Her own experiences as traveller, mountaineer and skier feed into Rosie Thomas’s narrative, in the emotional pull of the high mountains, the motivations of those who go there – to trek or to climb – and the experience of being in remote places where nature is at its most harsh.
If you’re wondering about any or all of three aspects, read this book. As a female mountain traveller and trekker, they really resonated for me.
A quick and easy read – I’ve said it before but I’m not enjoying Jane Green’s novels as much now they’re based, like her, in America. I didn’t warm to the lead characters – long-abroad Brit, Gabby and solid, professional, husband Elliott. She was too oblivious to the obvious, which results in a one night stand followed by the longed for third child, his realisation that he still loved her as soon as he held the not-longed-for baby.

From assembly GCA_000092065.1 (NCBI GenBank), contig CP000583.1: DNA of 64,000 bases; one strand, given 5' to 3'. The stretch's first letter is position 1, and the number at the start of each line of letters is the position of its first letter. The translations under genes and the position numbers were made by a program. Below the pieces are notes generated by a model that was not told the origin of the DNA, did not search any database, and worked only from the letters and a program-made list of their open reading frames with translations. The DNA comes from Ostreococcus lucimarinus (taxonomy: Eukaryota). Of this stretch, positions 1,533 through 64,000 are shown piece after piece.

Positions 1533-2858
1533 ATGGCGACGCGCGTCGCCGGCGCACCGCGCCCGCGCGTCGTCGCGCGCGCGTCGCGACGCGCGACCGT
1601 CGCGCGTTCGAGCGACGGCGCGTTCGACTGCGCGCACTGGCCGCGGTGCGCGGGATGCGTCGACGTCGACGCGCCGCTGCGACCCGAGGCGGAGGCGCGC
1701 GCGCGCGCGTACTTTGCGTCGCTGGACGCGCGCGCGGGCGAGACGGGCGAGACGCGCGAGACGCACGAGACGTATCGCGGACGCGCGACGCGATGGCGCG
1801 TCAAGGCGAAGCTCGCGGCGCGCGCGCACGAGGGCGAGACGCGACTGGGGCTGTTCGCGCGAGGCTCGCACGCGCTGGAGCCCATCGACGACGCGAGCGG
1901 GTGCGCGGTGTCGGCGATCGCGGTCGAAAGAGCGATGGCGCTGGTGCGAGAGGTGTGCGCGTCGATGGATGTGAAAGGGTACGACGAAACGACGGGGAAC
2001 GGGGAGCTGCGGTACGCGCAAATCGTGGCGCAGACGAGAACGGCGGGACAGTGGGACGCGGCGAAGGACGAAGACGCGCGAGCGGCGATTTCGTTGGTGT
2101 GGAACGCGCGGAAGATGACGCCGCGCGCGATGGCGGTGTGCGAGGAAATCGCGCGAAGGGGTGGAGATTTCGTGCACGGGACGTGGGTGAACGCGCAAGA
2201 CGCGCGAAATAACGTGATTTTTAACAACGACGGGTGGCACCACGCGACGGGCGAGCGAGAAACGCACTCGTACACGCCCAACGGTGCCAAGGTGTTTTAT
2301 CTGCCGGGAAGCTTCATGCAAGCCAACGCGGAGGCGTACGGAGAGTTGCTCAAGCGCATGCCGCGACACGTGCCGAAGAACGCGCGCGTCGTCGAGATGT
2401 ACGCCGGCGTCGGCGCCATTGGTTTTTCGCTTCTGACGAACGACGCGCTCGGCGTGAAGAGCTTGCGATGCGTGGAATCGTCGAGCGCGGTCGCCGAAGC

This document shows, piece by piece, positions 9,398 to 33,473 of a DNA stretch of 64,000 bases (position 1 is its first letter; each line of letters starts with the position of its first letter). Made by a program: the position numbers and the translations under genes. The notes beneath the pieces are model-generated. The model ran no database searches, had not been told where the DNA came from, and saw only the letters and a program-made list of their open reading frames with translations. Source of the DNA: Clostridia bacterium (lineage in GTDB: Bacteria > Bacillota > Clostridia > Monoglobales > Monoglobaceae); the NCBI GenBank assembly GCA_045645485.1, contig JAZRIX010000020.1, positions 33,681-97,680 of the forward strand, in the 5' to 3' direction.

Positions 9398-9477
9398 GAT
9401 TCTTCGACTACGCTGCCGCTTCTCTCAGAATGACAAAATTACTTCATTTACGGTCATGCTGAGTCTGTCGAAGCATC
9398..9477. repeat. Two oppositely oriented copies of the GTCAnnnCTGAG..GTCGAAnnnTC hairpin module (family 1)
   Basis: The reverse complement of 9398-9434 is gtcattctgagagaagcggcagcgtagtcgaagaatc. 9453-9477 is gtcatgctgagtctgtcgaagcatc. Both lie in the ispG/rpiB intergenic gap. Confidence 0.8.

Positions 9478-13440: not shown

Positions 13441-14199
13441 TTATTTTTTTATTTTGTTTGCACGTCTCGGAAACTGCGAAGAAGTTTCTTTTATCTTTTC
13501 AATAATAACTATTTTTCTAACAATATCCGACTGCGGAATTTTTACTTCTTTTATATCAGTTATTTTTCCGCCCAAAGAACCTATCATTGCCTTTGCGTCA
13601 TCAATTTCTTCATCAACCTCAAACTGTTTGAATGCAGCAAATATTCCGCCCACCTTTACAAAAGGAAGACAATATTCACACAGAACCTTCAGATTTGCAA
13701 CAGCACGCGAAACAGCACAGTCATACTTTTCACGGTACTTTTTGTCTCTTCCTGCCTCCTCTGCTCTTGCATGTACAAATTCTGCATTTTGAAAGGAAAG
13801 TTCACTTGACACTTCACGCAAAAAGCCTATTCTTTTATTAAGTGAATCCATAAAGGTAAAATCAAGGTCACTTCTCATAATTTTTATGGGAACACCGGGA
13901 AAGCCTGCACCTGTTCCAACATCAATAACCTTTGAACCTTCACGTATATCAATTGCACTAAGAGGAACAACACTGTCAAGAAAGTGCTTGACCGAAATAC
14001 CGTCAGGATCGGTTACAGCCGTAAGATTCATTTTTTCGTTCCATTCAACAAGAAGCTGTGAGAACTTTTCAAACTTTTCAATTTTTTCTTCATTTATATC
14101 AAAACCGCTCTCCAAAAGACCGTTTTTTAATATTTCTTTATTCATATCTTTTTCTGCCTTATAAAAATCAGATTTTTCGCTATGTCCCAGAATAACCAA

Trials and tribulations of blended families, West Coast style, as an emotionally illiterate teenager clashes with her baby obsessed but perimenopausal step mother, plus an alcoholic ex wife and slightly stereotypical gay neighbours thrown in to provide a few more perspectives. The father/husband/ex figure around whom the women coalesce is an oddly ‘absent’ character – he’s in the plot but seems insubstantial. Readable, but I have to admit that I preferred Jane Green’s stories of London life…